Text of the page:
Ben’s routine is turned upside down when he stumbles across a beautiful woman named Claire playing a cello in an abandoned housing development. He can tell that she’s fleeing something in her past—a dark secret that pushed her to the end of the earth—but despite his better judgment he is inexorably drawn to her.

As Ben and Claire fall in love, specters from her past begin to resurface, with serious and life-threatening consequences not only for them both, but for others who have made this desert their sanctuary. Dangerous men come looking for her, and as they turn Route 117 upside down in their search, the long-buried secrets of those who’ve laid claim to this desert come to light, bringing Ben and the other locals into deadly conflict with Claire’s pursuers. Ultimately, the answers they all seek are connected to the desert’s greatest mystery—what really happened all those years ago at the never-open desert diner?

In this unforgettable story of love and loss, Ben learns the enduring truth that some violent crimes renew themselves across generations. At turns funny, heartbreaking and thrilling, The Never-Open Desert Diner powerfully evokes an unforgettable setting and introduces readers to a cast of characters who will linger long after the last page.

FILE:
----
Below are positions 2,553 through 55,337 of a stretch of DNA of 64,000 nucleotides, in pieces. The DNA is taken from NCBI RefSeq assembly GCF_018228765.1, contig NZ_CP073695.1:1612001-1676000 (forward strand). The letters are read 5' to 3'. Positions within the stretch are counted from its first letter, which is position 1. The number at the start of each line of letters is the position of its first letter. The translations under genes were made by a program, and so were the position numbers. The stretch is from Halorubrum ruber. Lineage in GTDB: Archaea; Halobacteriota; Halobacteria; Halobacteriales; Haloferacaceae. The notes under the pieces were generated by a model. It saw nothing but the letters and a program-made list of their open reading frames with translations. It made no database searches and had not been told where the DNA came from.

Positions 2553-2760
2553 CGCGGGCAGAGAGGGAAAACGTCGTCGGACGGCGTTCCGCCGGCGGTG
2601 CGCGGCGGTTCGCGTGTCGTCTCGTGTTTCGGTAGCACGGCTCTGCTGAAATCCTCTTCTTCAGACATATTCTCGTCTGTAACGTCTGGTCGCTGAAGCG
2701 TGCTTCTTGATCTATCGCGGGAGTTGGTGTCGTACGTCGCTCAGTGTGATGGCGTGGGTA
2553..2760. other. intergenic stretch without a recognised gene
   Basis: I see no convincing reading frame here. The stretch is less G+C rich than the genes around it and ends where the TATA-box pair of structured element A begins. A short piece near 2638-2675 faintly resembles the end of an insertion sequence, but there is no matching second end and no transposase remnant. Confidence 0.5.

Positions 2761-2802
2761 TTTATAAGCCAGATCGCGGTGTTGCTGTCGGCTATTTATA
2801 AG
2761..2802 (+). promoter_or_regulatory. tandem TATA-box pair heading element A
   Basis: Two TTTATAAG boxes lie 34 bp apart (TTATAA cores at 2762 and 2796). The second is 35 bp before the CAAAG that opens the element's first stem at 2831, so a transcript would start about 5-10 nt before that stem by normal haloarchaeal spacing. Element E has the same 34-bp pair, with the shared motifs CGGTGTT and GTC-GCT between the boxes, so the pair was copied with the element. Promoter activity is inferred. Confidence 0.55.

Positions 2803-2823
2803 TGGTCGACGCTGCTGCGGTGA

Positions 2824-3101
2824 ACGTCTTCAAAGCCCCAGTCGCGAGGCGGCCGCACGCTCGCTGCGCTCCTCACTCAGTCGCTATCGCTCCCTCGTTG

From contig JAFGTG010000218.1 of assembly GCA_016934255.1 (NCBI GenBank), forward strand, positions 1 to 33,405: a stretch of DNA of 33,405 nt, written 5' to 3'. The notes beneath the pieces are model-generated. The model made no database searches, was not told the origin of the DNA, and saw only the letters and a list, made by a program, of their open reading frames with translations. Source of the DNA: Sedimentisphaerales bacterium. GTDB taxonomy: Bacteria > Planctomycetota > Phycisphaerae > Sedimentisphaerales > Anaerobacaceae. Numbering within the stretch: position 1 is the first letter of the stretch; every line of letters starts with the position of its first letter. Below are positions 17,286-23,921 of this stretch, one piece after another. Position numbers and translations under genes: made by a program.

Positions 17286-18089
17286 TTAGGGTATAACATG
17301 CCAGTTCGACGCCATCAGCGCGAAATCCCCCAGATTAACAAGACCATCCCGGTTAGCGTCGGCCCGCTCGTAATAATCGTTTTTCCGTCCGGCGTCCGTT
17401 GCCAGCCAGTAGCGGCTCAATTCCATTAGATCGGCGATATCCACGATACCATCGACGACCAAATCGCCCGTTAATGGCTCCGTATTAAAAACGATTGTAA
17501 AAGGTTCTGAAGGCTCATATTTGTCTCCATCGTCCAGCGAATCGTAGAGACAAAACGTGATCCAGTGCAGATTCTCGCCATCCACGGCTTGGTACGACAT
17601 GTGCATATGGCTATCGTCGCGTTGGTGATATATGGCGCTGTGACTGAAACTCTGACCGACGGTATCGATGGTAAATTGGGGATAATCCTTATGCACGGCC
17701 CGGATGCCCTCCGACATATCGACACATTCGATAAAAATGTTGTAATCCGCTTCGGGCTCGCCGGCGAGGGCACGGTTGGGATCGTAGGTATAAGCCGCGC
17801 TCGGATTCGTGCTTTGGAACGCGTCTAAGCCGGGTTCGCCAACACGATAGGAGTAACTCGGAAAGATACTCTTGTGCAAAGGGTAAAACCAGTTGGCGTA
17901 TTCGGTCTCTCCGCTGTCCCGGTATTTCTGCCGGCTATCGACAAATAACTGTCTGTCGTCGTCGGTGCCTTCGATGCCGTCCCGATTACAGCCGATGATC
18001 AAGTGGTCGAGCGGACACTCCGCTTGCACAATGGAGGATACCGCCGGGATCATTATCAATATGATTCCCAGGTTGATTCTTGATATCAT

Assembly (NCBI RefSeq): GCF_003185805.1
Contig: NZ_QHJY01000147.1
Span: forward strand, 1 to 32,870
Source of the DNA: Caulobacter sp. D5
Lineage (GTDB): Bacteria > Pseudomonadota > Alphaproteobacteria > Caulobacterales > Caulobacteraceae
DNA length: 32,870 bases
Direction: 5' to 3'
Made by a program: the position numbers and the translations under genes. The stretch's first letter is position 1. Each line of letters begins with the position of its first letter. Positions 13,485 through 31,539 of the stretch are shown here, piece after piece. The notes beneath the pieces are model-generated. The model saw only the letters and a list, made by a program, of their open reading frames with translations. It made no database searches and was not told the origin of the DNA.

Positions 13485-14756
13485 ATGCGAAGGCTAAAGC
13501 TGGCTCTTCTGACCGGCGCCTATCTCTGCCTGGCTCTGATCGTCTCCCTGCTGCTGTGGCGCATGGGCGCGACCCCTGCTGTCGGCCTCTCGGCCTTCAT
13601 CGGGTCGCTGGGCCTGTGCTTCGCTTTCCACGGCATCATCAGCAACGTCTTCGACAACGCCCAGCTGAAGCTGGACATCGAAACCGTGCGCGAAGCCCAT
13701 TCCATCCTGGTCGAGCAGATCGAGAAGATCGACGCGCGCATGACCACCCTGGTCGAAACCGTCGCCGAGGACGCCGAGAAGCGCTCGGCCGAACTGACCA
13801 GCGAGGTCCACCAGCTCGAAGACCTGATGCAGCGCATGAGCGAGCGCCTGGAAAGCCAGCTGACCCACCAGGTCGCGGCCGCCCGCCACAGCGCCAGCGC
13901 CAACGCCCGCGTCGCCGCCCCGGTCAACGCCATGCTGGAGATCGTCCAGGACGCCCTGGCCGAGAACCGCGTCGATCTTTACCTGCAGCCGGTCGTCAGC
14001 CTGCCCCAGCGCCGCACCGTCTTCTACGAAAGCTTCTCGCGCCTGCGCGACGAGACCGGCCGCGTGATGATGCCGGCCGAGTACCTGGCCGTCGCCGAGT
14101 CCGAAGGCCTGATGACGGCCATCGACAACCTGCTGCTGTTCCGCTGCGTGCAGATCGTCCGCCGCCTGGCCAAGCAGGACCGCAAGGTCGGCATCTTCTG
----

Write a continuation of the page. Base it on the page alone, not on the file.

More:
It sounded interesting enough, a thriller mixed with mystery and romance. Now, I feel terrible that I couldn’t give this book more of a chance, but there are too many books that are grabbing my attention and I just don’t want to waste my time on one that I do not find interesting. But just because I couldn’t finish this book and found it uninteresting does not mean you will think the same thing. It just means that as I continue to grow as a reader I find what types of books work for me and what types don’t work for me.